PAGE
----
Winning awards is nice. Changing the world is better.

We enter the American Advertising Federation Awards each year to support our local AAF chapter. We believe a strong, local professional association, where peers gather to work to advance our field is critical. Unfortunately, the local Dayton AAF Chapter banned us a few years ago, without more than a 2 line unsigned note. Since we’ve always participated with the Cincinnati chapter too, we’re a member there and entered our work in their show.

Typically, Cincinnati is a much tougher competition, with much larger agencies and larger clients (like P&G)- and larger budgets. They also tend to choose higher caliber judges. This year, we were awarded 2 Gold’s and a Silver. Gold’s automatically advance to the Regionals, and Silvers may be advanced for an additional entry fee. We paid to advance our silver, and we got word that our Gold’s won Silver at the regional level. 51 awards were given at the regionals- including 15 to Cincinnati chapter, the most of any of the seven cities in our district. We paid to advance our Silvers to see how they do on the National Level and came up goose-eggs.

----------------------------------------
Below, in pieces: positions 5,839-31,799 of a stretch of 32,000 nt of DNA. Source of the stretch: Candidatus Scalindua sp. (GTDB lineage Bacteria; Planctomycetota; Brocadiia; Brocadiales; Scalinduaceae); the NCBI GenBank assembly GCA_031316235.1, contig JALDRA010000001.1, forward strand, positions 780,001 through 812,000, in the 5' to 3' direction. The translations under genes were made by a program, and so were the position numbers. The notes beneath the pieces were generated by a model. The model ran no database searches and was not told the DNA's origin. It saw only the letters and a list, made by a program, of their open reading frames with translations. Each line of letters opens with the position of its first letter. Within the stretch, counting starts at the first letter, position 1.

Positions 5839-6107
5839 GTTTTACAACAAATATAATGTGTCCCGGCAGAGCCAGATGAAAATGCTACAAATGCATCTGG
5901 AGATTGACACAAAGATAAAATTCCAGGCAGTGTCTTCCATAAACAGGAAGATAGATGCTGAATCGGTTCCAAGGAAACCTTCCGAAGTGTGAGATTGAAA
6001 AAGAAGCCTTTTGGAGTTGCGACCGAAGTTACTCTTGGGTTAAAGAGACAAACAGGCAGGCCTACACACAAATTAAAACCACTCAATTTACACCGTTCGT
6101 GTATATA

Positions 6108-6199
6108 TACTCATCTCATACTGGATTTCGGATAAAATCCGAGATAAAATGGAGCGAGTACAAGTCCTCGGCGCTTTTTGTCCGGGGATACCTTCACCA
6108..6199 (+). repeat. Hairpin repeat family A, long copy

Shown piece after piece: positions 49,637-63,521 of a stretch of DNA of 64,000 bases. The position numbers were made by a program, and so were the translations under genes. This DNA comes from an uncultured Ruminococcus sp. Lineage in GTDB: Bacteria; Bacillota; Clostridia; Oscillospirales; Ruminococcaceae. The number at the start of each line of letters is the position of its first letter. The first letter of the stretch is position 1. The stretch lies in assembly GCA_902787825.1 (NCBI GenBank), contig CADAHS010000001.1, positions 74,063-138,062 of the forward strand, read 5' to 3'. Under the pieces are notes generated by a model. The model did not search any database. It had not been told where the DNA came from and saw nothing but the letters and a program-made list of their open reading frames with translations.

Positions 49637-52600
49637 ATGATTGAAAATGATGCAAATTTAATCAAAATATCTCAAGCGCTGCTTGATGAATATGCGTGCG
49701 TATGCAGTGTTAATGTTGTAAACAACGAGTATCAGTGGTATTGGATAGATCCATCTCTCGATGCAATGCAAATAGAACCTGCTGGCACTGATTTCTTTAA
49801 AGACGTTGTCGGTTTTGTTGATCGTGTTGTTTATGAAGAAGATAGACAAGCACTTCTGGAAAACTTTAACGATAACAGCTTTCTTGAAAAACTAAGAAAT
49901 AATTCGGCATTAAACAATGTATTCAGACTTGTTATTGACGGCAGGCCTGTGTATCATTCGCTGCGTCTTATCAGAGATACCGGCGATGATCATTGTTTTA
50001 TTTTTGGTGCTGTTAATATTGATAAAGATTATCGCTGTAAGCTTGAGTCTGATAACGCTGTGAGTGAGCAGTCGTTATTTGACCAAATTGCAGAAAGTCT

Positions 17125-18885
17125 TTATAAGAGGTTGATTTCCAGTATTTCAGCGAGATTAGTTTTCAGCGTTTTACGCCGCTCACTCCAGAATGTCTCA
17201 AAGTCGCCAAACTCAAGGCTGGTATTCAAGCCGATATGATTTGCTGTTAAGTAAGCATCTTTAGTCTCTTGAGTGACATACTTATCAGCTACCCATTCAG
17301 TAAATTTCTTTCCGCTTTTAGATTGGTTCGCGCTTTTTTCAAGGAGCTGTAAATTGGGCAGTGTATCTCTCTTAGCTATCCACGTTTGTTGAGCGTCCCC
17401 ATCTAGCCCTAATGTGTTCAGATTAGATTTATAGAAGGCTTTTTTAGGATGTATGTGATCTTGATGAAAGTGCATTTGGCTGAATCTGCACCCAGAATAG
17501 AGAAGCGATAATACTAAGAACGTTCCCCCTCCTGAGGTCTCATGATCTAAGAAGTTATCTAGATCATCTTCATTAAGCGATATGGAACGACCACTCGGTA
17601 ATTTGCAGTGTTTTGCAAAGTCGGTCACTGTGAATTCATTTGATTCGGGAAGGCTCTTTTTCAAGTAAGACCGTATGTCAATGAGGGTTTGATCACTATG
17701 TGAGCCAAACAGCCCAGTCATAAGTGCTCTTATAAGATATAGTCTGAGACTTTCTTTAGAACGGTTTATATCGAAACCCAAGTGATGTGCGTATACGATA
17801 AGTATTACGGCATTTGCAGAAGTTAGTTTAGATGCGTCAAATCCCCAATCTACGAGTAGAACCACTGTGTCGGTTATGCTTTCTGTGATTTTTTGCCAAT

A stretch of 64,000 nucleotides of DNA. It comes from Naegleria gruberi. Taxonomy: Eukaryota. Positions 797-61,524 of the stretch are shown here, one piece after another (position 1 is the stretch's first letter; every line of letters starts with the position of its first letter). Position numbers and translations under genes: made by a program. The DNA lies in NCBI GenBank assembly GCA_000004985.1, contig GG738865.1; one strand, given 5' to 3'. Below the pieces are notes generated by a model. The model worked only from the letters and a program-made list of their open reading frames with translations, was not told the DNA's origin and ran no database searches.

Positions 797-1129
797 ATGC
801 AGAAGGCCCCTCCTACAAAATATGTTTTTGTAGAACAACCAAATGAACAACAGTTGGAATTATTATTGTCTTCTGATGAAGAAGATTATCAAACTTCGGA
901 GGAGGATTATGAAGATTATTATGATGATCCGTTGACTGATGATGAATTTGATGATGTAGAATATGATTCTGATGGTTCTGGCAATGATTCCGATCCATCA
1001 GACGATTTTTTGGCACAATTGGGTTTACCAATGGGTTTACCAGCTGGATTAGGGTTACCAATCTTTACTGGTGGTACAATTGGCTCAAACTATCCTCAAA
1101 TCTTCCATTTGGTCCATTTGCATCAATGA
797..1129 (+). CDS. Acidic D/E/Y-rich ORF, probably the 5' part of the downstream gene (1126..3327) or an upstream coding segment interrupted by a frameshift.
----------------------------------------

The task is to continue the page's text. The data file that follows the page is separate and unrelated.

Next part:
The two campaigns were in the political advertising category: Surgeon Generals Warning #BLM, and BLM- Police Rebrand. We’re very proud of the work, and the recognition it’s getting, but would prefer if our country would make this type of messaging unnecessary. We would love to work with National Police Organizations on a national stand down/retraining effort. We say this, on the 4th day of the Derek Chauvin trial for the murder of George Floyd.

Here are the winning entries:

Surgeon General’s Warning

BLM Police Rebrand:

We’re not done with these ads, and will continue to help communities come together to address serious issues of civil rights, voting rights, environmental protection, workers rights and health care for all. We’ve founded 2 non-profits to reform politics as we know them, on both a local and national level. Reconstructing Dayton exists to improve our own community, and to test the policys and ideas of The Modern Policy Institute. This is not what most ad agencies do as part of their business mission. It’s why we consider ourselves an Activist Agency.